Dungeons & Dragons: 9 Things to Do During the "Session Zero"
Extensive preparation is required for a game of Dungeons & Dragons. Whether it's a multi-year, self-designed campaign or one of the numerous pre-made ...
Extensive preparation is required for a game of Dungeons & Dragons. Whether it's a multi-year, self-designed campaign or one of the numerous pre-made adventures, there are many things that need to be sorted out.
A significant portion of this preparation can be done during the so-called "Session Zero." This is often the first time the entire group comes together for the game, so there is a lot to discuss. Everything, from the players' preferences, can be addressed during this planning phase. Here are some of the things you'll want to talk about when convening for your very own "Session Zero."
9 Hone Characters
When everyone gathers for the "Session Zero," your players likely already have an idea of how they want to shape their characters. The "Session Zero" is the right place and time to further refine this.
As the characters learn more about the game and hear from other players, questions they had about their own characters are gradually answered. This is also the time for players to ask questions about their characters, and for the Game Master to review what they have developed so far, ensuring they don't plan anything that the Game Master doesn't want in the game.
8 Get Familiar With The Setting
While you shouldn't reveal too much, the "Session Zero" is a good place to convey the world in which they find themselves. This is important so that they can develop characters that fit well into this world and to introduce them to the mindset of the things they will encounter.
Nobody wants to create a wizard only to find out in the first game session that it's a magic-free world. This is the time to get them excited for the campaign and reveal just enough to make them eager to play.
7 Get To Know Each Other
Whether online or in person, there's a good chance that not everyone at the table knows each other.
That's the fun of the game. You get to meet new people. It's important to get to know each other to ensure that everyone has fun. Nobody wants to dive into a game like D&D with complete strangers. If you already know each other, now is a good time to catch up and see what's new in their lives.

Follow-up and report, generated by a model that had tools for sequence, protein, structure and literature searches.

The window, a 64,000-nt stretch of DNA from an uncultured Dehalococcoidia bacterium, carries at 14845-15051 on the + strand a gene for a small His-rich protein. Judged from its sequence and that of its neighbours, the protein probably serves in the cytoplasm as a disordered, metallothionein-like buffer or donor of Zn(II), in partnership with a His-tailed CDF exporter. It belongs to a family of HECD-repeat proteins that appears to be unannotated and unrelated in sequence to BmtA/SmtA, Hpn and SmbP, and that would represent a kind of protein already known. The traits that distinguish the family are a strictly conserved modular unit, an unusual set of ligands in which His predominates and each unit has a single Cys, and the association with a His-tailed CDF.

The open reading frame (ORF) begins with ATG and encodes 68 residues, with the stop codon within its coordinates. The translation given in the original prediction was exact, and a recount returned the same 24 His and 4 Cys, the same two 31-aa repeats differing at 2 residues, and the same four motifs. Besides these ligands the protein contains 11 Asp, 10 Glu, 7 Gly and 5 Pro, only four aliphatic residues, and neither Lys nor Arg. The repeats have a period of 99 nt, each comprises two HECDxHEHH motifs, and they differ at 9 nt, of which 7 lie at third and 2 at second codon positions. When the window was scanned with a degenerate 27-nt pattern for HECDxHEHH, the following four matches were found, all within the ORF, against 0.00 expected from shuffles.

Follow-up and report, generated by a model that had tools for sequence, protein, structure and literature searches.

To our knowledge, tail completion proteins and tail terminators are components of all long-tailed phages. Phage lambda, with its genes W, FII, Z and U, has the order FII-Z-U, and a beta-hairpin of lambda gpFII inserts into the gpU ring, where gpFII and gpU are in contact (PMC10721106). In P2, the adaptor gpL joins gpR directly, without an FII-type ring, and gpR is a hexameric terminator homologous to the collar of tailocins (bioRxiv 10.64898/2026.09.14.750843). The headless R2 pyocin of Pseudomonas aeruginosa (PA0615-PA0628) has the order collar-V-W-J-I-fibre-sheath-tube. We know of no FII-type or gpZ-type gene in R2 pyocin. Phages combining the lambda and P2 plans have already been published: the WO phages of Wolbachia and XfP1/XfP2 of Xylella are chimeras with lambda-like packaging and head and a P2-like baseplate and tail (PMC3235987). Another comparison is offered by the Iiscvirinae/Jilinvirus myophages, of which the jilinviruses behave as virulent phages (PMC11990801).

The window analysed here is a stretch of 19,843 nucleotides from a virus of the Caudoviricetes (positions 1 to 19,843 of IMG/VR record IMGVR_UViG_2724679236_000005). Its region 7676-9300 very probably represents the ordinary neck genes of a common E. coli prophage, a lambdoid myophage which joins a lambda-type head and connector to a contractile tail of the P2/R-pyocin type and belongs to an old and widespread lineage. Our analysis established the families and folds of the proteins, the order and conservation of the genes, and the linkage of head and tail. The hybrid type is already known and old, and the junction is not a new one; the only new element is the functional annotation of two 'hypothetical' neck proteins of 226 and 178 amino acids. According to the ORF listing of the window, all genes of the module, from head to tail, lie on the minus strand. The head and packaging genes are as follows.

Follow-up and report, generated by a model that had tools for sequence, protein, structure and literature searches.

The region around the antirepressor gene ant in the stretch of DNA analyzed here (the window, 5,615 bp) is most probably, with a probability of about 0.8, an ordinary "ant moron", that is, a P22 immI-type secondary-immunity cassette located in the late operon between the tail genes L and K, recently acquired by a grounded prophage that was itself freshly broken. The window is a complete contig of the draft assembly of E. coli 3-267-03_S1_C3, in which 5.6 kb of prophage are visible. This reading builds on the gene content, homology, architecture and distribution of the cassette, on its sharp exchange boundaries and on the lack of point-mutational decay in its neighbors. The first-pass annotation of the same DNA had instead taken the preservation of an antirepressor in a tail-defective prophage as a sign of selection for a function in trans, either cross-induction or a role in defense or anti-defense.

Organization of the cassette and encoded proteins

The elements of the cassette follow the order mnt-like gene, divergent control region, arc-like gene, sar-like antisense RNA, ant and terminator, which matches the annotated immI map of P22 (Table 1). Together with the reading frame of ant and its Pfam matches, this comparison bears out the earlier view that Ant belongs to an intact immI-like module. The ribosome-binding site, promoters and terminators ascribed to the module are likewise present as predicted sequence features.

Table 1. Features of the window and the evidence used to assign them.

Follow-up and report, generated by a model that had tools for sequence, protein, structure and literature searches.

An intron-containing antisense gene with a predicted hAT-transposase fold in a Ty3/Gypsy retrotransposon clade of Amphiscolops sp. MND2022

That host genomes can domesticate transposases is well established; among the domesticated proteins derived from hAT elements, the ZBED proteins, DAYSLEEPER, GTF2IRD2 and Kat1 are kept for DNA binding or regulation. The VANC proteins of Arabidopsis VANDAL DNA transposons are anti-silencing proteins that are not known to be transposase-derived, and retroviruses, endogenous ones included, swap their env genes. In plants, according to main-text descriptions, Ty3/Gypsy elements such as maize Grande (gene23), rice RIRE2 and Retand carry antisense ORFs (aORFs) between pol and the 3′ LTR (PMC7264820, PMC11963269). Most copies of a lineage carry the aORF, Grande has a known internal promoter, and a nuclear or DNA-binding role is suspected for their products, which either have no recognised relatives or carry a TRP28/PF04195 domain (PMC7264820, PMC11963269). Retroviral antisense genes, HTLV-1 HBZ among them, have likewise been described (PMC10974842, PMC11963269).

6 Plan A Schedule
There is no set number of meetings that a group should have to play D&D, but the "Session Zero" is as good a time as any to see how everyone's schedules look.
Regardless of who you're playing with, everyone probably has a busy life, which means it can be difficult to play regularly. You might play once a week, once a month, or simply whenever you all have free time. Whatever works for your group, you should do it. Whether you plan it in advance or decide spontaneously is entirely up to you.
5 Set Expectations
Dungeons & Dragons is a game that is as diverse as the people who play it. The "Session Zero" is the place where you should come together and figure out what each person expects from the game.
The setting, atmosphere, and overall experience are all important topics for this part of the "Session." This way, you avoid someone showing up to the first game session with plans for a grim and dark fantasy game while someone else wants a cheerful high-fantasy adventure. Ensuring that everyone is on the same page is the true purpose of the "Session Zero," so it is a must.
4 Try Out Voices
It may not be the most serious element in the game, but knowing how your character will speak is often an overlooked part of role-playing.
Try out different voices with your friends and see how they fit the role, and more importantly, make sure it doesn't bother anyone too much. The "Session Zero" is a good place to clarify this and other role-playing aspects of the game that relate to the characters of all players. It can be distracting if someone is still figuring out their character's quirks during the game.
3 Decide On Alignments
The alignment chart is an important part of character creation, but over the years, many people have developed their own ideas about this aspect of D&D. Not every alignment works in every campaign.
Your game master may not want a chaotic evil Crondax the Destroyer in their campaign where the goal is to save the world, at least not without a good reason. The "Session Zero" is the place where the game master and players discuss which alignments are not allowed or if any alignment needs to be chosen at all, as some gaming groups completely forego alignment.
2 Decide On Rules, And Exceptions To Rules
Rules are an important part of any game you play, or maybe not. That's one of the big things you need to discuss in the "Session Zero."
Discuss any house rules you want to introduce, adjustments you want to make to the core rules, or rules you want to completely forego. Additionally, the all-encompassing "Rule of Cool" should also be discussed. Some game masters strictly adhere to the rulebooks, while others are more flexible. Let your group know what they're getting into.
1 Establish Boundaries
In a campaign, many things can occur that not everyone wants to interact with or embody.
A big part of the D&D community is about making people feel comfortable, and that's what you should strive for at your table. Educate yourself and find out what people don't want to experience in the game. In a game that focuses more on combat, not everyone wants to delve into the darker aspects of combat or the game world.